World Hepatitis Day: The History of the Hepatitis B Vaccine

Hepatitis B particles are made of a protein shell with viral DNA inside. Image: CDC

A few hepatitis B virus particles amid an excess of surface proteins. Image: CDC

In the early 1970s, Ted Slavin, a hemophiliac, learned his blood was special. Over a lifetime of transfusions, he had slowly amassed a huge collection of antibodies, which are proteins produced by the immune system that attach to invaders, such as viruses and bacteria. When he started receiving transfusions in the 1950s, blood wasn’t screened for diseases, which meant that he’d been repeatedly exposed to some pathogens. His immune system manufactured large amounts of protective antibodies to battle these constant invaders, one of which was hepatitis B virus (HBV) — resulting in blood with extremely high concentrations of hepatitis B antibodies.


After sunshine and smoking, hepatitis B is the most common cause of cancer.


His physician relayed this discovery to Slavin — most doctors wouldn’t have bothered, and in fact might have surreptitiously sold his blood to researchers. Back then, scientists were at work on a hepatitis B vaccine, and hepatitis B antibodies were a hot commodity. Likewise, Slavin needed money — his medical condition precluded regular work, and treatments were costly. He contracted with labs and pharmaceutical companies to sell his antibodies directly, for as much as $10 per milliliter and up to 500 milliliters per order.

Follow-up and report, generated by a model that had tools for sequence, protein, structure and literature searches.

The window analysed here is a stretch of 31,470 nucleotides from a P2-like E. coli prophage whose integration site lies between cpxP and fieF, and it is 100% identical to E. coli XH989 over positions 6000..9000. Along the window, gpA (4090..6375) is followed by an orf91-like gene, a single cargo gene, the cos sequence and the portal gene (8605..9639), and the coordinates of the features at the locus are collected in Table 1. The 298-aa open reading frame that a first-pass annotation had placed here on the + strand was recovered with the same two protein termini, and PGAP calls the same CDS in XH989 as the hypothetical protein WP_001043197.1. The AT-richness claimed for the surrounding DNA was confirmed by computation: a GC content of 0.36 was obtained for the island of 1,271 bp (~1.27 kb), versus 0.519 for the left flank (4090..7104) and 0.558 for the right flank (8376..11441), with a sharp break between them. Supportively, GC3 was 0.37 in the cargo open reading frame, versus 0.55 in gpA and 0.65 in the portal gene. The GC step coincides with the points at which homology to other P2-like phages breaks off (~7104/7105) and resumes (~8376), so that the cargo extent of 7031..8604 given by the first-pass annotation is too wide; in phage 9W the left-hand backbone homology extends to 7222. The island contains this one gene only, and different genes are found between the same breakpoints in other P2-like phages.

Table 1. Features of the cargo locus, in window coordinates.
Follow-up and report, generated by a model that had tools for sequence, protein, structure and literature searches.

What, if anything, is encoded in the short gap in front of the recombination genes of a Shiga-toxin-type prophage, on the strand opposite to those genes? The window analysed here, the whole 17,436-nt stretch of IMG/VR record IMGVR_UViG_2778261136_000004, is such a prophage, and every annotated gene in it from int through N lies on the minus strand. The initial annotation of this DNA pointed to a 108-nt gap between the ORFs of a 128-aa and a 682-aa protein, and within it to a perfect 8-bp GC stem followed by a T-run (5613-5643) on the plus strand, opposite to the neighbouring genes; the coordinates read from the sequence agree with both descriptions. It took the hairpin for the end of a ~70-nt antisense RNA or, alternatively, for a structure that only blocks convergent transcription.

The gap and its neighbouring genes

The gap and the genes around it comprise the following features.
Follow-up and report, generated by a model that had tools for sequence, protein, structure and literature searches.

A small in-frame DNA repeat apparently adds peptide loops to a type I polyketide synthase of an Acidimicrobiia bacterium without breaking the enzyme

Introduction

When someone has a chronic HBV infection, the virus has “hijacked” some of his or her cells, “tricking” them into manufacturing copies of the virus. A virus consists of an outer protein shell housing genetic information — the blueprint that cells follow when they produce virus copies. When hepatitis B viruses are manufactured in cells, an excess of surface proteins is produced — these waste products litter the bloodstream, and testing for their presence allows people to be diagnosed with HBV infections. These surface proteins are called antigens — and as luck (or evolution) would have it, the antibodies our immune systems produce can attach to viral antigens, helping us to keep pathogens at bay. Continue reading